"We were led to believe that in order to be married and cohabitate, they'd have to prove that they were [capable]. That is not valid," he said. "We were misled. We spent a year and half going through those steps, because we believed it had to be done that way."
Samuels said that that Maryhaven used an outdated mode of psychological analysis to establish whether Hava was able to consent to marriage and sexual relations – a tool which he says is invalid. Maryhaven, he said, also refused to educate her.
"They said, 'We don't have the facilities to educate them.' That's not even valid," he told ABCNews.com. "They could have hired someone. They didn't want to do it. In our mind they were just against it all along."
Attorney Robert Briglio, who is representing the families, told ABCNews.com that the homes where Paul and Hava reside are trying to maximize the homes' independent decision making, and that the state of New York must be held responsible for how they're run.
"[The state] funds these homes to provide Medicaid waiver services," he said. "That's the program under which the clients are residing. The New York State Office for People with Developmental Disabilities is responsible for that program. They use private agencies like these homes. That doesn't mean [the state is] not responsible for how that program is operated."
Representatives from IGHL refused to speak with ABCNews.com regarding the case.
Christine Hendriks, a spokeswoman for Catholic Health Services of Long Island, said in a statement that Maryhaven Center of Hope has "supported and facilitated efforts" in which clients have expressed a desire to build a relationship in the hope it leads to marriage.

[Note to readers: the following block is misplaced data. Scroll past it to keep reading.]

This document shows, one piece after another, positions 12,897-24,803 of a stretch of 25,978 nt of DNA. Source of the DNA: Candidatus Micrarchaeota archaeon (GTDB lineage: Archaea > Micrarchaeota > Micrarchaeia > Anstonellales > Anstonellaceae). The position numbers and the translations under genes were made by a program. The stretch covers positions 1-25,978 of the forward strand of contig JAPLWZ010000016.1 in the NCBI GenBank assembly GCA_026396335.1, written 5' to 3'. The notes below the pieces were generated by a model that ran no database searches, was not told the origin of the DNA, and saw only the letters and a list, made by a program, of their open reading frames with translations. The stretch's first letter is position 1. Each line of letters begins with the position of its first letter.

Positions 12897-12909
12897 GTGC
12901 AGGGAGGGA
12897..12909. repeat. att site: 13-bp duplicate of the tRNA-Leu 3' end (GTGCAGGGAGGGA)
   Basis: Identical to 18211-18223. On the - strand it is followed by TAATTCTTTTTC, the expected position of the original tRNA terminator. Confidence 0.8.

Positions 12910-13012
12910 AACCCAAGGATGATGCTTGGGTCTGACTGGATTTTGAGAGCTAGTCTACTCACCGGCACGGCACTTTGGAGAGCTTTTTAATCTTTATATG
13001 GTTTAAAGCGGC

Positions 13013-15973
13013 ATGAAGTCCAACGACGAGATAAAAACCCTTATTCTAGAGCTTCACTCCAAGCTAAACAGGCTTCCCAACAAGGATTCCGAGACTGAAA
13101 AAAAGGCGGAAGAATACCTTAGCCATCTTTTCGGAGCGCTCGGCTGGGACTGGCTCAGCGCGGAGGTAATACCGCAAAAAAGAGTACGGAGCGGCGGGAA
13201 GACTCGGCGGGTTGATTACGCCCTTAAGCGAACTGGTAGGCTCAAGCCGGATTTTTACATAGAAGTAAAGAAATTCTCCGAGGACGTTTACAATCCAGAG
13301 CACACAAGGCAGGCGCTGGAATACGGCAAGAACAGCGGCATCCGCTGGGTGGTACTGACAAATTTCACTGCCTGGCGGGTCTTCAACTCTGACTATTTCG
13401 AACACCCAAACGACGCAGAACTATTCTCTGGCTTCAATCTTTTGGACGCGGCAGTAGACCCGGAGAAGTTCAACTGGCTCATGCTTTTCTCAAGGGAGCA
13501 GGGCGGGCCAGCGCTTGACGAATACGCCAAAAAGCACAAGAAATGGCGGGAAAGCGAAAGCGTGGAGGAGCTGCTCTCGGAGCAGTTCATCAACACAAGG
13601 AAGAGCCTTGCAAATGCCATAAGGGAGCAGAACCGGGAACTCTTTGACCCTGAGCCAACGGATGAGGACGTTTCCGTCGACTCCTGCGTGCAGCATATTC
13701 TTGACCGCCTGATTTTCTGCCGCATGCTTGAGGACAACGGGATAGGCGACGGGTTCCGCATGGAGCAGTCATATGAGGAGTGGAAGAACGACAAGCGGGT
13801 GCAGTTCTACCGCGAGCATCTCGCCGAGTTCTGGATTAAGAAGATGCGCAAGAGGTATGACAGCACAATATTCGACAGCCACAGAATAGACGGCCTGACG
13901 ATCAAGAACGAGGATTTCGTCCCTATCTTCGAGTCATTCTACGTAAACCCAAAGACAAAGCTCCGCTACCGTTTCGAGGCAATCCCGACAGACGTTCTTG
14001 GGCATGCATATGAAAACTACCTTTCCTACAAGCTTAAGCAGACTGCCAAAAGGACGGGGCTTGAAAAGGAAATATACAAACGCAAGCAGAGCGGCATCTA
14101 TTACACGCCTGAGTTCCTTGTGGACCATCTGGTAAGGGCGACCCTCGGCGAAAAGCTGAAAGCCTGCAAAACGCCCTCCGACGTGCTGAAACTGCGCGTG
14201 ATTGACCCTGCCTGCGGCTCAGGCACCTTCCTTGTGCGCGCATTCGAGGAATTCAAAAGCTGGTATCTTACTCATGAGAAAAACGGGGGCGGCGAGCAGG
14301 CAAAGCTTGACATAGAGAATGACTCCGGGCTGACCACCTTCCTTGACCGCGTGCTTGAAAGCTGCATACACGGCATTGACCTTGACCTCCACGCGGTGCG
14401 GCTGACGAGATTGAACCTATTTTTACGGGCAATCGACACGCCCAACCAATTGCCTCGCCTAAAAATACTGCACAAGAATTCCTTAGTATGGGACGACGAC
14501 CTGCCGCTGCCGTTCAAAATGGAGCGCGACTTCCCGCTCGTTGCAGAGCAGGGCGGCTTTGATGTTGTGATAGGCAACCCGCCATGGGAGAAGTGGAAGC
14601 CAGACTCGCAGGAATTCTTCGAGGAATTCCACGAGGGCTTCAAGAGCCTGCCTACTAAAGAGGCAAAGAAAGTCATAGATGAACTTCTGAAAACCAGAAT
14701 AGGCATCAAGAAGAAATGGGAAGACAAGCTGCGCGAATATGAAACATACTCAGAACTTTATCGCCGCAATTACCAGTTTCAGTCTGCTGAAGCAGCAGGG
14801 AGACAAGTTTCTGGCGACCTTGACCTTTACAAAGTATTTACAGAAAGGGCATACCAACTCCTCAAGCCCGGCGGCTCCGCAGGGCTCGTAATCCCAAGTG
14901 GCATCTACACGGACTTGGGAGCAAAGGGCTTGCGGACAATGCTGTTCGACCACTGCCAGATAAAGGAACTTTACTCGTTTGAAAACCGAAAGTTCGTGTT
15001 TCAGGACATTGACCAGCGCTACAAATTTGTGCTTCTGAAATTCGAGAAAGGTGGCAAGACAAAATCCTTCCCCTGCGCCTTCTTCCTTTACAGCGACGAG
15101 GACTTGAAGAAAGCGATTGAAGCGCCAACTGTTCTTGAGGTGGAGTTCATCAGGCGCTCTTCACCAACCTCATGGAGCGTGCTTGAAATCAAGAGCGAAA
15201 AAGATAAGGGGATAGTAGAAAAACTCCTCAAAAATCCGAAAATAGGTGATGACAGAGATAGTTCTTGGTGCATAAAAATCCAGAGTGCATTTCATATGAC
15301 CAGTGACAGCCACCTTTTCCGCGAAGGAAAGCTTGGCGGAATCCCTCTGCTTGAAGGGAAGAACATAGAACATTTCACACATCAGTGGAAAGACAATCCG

"There are instances where facilitating a marriage is not warranted, indicated or appropriate in our clinical setting," she said in a statement. "When a resident in our judgment is clinically incapable or lacks the requisite ability to consent to the marital relationship or requires a level of service and supervision where an accommodation is not possible, we cannot provide the services necessary to facilitate the marital relationship and cohabitation."
After years of the families' battling the system, the couple was granted a home when a vacancy opened up in a group home for the mentally disabled in Riverhead, Long Island, run by East End Disability Associates. Representatives from East End asked the state in 2012 if they could use a newly vacant space to expand the population of the house. But the state denied the request, according to Forziano.
After the families filed their lawsuit, the state began looking for places to house Paul and Hava together, and queried agencies about interest in housing them. East End Disabilities responded.
This week, the couple was offered their own one-bedroom apartment in the home. They will move in sometime in July, according to Forziano.
"We went Monday to see it," she said. "They're very excited. They met the other individuals living in the home. We didn't want to throw them from the frying pan into the fire. We did research, had a psychologist go over there and to the guys that live there. Hava's figuring out where the TV is going to go!"
Although the state was eventually able to help the couple achieve their dream, the lawsuit will go on. Both IGHL and Maryhaven had a duty to encourage the couple's desire to marry and cohabitate, according to the complaint.
"The suit will continue, so the state will have to clarify its stance on married people with disabilities," Forziano said. "It's not just marriage, it's any civil right. You see that people are allowed to cohabitate, and IGHL won't, because they don't think it's a good idea. It has to be the same services across the board."